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The Southern Poverty Law burns the founder Morris Dees



The Alabama-based Southern Poverty Law Center, a nationally known nonprofit that oversees hate organizations, said on Thursday that it had fired co-founder Morris Dees, who once won a lawsuit that bankrupted a leading Ku Klux Clan group.

A statement by Richard Cohen, the law firm's chairman, said that their employment had ended, but it did not give any particular reason.

"As a bourgeois organization, SPLC is committed to ensuring that our staff reflects the mission of the organization and the values ​​we hope to bring into the world. When one of us fails to meet these standards, regardless of his or her role in the organization, we seriously and must take appropriate action "

Achieved by phone, Dees said the issue was involved in a staff question. He said the Southern Poverty Center is a wonderful organization, and he wants that happiness.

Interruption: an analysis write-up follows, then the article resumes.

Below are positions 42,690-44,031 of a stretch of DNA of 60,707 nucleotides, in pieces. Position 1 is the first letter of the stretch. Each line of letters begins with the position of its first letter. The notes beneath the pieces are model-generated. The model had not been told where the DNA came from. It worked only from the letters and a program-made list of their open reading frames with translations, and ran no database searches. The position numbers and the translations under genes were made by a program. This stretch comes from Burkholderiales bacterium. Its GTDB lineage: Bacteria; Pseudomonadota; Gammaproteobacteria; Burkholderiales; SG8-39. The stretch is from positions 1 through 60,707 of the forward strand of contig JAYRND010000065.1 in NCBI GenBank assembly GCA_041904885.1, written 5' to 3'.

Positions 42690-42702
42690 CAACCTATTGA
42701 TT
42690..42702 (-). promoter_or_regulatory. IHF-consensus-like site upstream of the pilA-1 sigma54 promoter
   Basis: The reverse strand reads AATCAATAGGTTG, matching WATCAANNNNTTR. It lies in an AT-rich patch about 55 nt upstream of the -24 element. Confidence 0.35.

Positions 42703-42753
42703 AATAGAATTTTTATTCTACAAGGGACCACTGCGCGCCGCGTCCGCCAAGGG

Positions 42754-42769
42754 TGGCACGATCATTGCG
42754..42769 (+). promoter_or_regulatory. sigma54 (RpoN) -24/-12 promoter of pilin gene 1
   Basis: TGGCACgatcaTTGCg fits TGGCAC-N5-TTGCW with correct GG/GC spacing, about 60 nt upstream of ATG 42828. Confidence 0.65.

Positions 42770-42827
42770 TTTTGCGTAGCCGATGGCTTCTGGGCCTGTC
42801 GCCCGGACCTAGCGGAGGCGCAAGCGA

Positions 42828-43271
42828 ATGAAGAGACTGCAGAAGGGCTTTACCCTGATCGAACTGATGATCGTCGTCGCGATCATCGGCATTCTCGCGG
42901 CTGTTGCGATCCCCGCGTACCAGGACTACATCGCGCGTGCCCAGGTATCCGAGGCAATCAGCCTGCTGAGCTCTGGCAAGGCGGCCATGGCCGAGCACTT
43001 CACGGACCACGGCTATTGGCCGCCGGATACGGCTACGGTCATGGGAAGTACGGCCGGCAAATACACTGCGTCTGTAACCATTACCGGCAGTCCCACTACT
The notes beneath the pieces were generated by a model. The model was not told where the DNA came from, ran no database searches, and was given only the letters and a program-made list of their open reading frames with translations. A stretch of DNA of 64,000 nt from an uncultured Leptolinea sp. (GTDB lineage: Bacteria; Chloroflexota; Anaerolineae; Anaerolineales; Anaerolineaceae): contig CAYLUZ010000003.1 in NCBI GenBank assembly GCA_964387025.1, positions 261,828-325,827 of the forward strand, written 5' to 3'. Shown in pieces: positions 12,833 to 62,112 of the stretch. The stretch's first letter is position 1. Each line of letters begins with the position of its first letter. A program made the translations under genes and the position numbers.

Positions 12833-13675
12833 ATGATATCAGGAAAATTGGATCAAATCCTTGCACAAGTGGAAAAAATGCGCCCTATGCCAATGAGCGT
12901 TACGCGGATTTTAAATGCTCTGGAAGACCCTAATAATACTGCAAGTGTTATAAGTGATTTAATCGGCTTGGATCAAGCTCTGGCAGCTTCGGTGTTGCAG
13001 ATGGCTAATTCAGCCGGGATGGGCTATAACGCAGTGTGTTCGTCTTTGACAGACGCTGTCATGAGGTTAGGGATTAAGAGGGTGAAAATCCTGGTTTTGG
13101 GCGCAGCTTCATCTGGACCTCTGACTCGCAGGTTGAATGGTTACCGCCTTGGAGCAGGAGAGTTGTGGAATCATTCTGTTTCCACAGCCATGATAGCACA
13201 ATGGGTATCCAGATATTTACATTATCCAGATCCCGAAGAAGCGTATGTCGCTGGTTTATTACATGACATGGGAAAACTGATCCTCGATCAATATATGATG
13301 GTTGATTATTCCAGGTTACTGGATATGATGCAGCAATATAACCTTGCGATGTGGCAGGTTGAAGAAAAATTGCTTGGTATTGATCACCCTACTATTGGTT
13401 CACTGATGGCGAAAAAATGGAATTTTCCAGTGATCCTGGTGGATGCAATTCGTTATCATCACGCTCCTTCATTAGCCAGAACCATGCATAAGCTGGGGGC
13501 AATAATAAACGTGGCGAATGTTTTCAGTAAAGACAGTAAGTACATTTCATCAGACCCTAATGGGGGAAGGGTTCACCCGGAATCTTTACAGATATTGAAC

Dees, 82, founded the foundation of Montgomery-based law court with a partner in 1971 as watchdog for minorities and the poor. A decade later, he won a $ 7 million verdict against US Klans of America on behalf of Beulah Mae Donald, whose son was murdered by CCK members in Mobile.

SPLC's office was burned in 1983, and three clan men were later arrested and charged guilty. In 2017, the tax records show, the organization had about $ 450 million in assets. It works in a high security building near the church where principal Martin Luther Jr. first served as a pastor.

The law center is best known for tracking groups that it believes hate organizations and is a common target for conservative and far-right critics.

In a statement about Dee's oyster, SPLC said it was "deeply committed to having a workplace that reflects the values ​​it adopts – truth, justice, equality and integration and we believe in the steps we have taken today to confirm that commitment. "

SPLC said an external group will review their workplaces.


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